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Jan Bloemendal

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Jan Bloemendal

In 1516 Erasmus published his new Latin translation of the New Testament. After that he started to write his paraphrases of all books, except Apocalypse. This introduction gives a state of the art. It will be first discussed when and where Erasmus wrote his paraphrases, which were composed between May 1517 and January 1524 when he was also reworking his Novum Instrumentum/ Novum Testamentum. The next issue treated is what kind of work they are, being a kind of commentary, but also an aid for preachers to bring the New Testament to their audience. This is related to the aim Erasmus had with his ‘New Testament project’: to advance the philosophia Christi and Christian piety, and his intended or implied readership, theologians. He used several sources to bring his interpretations of the biblical stories in line with the exegetical tradition.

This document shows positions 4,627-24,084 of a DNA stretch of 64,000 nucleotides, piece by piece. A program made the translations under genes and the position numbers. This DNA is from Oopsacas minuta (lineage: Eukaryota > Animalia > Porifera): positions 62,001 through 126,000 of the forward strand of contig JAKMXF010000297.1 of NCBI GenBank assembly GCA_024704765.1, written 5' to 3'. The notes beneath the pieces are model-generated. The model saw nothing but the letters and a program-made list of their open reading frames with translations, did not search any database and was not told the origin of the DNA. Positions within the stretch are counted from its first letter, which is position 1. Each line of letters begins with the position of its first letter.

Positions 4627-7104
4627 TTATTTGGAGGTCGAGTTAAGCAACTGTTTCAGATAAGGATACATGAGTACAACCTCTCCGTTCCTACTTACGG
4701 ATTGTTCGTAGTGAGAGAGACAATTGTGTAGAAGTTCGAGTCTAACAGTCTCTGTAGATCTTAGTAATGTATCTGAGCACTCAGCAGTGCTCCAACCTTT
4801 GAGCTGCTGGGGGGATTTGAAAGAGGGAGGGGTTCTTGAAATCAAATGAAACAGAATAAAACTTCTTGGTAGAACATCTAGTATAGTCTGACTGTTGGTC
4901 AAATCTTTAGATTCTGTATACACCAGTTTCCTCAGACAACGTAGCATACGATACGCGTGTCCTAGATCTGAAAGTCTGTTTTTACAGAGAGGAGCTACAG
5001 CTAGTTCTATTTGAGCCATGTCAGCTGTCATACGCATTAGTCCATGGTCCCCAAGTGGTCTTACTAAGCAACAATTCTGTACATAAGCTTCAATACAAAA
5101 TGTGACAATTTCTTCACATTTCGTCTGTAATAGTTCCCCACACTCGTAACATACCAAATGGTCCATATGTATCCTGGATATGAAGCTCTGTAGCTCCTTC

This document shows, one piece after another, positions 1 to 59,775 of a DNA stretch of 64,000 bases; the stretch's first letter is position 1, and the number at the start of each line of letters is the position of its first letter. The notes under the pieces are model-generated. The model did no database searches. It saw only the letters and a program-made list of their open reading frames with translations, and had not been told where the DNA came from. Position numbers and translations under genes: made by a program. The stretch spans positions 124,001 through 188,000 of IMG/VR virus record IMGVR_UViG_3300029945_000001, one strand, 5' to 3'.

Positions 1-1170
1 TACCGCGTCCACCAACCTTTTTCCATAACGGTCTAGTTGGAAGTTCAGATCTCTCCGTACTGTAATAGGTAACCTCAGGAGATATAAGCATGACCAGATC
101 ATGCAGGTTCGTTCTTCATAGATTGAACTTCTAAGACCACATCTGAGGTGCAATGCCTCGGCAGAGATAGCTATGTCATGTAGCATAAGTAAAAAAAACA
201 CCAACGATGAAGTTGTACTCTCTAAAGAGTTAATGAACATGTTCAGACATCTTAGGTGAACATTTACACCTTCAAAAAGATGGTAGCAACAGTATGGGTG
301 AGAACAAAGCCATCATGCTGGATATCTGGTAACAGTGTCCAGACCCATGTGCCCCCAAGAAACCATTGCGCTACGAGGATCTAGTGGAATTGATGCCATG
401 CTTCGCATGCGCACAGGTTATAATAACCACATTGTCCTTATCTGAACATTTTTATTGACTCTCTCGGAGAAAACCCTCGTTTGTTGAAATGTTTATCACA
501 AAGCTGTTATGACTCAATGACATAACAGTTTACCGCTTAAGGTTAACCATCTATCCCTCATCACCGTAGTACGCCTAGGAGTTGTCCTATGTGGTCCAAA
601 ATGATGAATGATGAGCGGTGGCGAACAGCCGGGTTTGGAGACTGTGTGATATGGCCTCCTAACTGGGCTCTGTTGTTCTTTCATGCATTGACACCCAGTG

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Jan Bloemendal

This article discusses how Erasmus deals with the personae in the Paraphrase on Luke, distinguishing between the author Erasmus (the paraphrast), the narrator (the paraphraser) and the evangelist. These ‘Luke-voices’ are connected to exegesis (explanation of the narrative) and hermeneutics (the application of the narrative to the lives of the audience). It is argued that Erasmus deliberately played with the voices; this enabled him to criticize wrongs of his own times as worded by ‘Luke’, and to contribute to the advancement of Christian piety.